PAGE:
Queens Of The Stone Age – …Like Clockwork

Cali-rock titans return with their difficult sixth...

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Cali-rock titans return with their difficult sixth…

It opens with a clunk, and the rattle of chains being cast off. An overly literal metaphor, maybe, but fitting for the liberation finally won by Queens Of The Stone Age with their first album in six years. As singer/songwriter and guitarist Josh Homme described the recording, “We went through a particularly dark period in the last couple of years, trying to figure out what it all means and how to get through all that. In some ways, artistically and mentally, it was like waking up in the middle of nowhere. This record was finding a way out from there.”

The “all that” refers to the difficulties of picking up a premier-league band again after so long an absence, and how a group as distinctive as QOTSA might tackle album number six. The process can’t have been made any easier by their move from Interscope, or the departure during recording of long-term drummer Joey Castillo, whose stool was then occupied by Dave Grohl and Jon Theodore, formerly of The Mars Volta. Homme’s comments imply that this record is as much about process as end product, but process doesn’t shift copies or secure high-rotation airplay. QOTSA’s glowering, fat-free hybrid of alt.metal, riff-centric heavy rock and desert blues has always done both very successfully, so keeping those demands in mind while they felt their way in the dark might explain why … Like Clockwork (the title is surely ironic) is the sound of the band oddly, albeit entertainingly unsettled.

Purist fans of their self-styled “robot rock” should resist the temptation to hold a glittering guest list responsible. If any other band were to call in Sir Elton John and Jake Shears as well as the more usual suspects – in QOTSA’s case, Mark Lanegan, Alex Turner, Nick Oliveri and Trent Reznor – it would suggest an attack of constitutional nerves, but Homme has always been a big fan of the broad collaborative mix. And several of these new songs are very different in structure and approach, as well as detail. The brutally clipped rhythms, seductive, saw-toothed melodies and grungey textures still figure, but they don’t define the record, which exposes far more of their looseness and feminised swing. “I Sat By The Ocean” and the reverb-heavy “If I Had A Tail” especially revel in the laid-back glam boogie of Homme and Jesse Hughes’ Eagles Of Death Metal.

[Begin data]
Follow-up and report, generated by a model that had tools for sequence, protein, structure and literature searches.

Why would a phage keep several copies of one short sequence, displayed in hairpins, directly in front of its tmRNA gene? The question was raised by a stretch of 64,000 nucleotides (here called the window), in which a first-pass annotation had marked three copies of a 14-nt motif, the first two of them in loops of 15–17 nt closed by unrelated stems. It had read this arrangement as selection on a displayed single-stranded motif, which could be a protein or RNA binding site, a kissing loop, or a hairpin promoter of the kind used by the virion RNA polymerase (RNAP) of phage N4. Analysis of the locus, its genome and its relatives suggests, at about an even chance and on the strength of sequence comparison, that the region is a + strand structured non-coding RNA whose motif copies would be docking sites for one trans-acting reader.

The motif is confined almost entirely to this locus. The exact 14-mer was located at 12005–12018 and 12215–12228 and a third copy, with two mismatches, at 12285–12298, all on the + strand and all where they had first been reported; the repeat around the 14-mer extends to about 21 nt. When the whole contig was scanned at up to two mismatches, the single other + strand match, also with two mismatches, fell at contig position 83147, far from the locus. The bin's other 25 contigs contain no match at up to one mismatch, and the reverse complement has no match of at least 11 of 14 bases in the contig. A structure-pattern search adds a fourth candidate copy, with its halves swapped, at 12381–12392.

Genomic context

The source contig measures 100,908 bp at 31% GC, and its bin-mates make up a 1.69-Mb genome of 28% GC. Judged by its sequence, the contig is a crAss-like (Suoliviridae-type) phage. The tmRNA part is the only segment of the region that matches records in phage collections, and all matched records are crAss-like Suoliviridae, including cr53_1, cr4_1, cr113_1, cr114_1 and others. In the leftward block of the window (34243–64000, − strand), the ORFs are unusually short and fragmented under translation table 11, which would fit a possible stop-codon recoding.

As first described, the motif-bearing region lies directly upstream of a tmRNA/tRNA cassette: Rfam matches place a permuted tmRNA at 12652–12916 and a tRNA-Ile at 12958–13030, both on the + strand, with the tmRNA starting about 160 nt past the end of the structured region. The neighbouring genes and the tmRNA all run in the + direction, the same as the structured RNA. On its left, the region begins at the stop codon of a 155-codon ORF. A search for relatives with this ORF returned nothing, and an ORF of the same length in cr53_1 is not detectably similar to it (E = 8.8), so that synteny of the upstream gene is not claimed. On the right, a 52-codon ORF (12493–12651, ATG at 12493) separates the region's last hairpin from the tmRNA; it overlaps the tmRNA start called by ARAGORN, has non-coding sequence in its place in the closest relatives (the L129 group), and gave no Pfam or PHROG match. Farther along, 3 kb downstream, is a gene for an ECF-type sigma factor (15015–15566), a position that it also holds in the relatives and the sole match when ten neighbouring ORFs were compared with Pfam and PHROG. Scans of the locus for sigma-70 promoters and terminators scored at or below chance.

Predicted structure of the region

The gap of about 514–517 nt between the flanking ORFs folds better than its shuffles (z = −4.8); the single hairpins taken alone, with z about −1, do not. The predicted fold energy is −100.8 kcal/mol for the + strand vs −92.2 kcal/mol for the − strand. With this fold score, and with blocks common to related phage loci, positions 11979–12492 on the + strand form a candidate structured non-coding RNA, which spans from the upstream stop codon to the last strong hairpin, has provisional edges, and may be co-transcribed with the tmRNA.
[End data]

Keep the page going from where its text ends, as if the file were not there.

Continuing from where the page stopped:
If … Like Clockwork represents an identity wobble, it’s nonetheless a strong record on its own terms. There may be nothing here to match previous killer singles like “The Lost Art Of Keeping A Secret” or “No One Knows”, but opener “Keep Your Eyes Peeled” and first single, “My God Is The Sun” both run along classic QOTSA lines. The ear-swivelling differences appear with “Kalopsia” (it’s the delusion that things are more beautiful than they are), “The Vampyre Of Time And Memory” and the closing title track. The first is an oddball triumph featuring Alex Turner, which begins like a Bill Withers ballad and develops into a Queen/Fantomas/Ziggy mutant – an example of the new sound Homme calls “this trancey, broken thing” that emerged while the band were rehearsing for their self-titled debut album tour in 2011. That slightly dazed quality is evident on “The Vampyre Of Time And Memory”, where squirts of electronica are added to a backdrop that taps Eric Clapton, Queen and early-’70s Elton, and over which Homme croons, “I survived, I speak, I breathe, I’m alive – hooray.” Issues of uncertainty, resilience and control are also at the heart of the closing track, a watery ballad with a real emotional wallop that connects Harry Nilsson, Derek And The Dominos and Frank Ocean. He’s recognised by both his fine falsetto and his muscular, Cali-rock drawl, but the bruised baritone Homme employs for the chorus (“most of what you see, my dear, is purely for show, because not everything that goes around comes back around, you know”) reveals a striking new vulnerability.

Homme once claimed that his initial aim with QOTSA was to establish a band whose sound could be recognised within three seconds. It won’t exactly spook the horses, but … Like Clockwork might take just a little longer.
Sharon O’Connell


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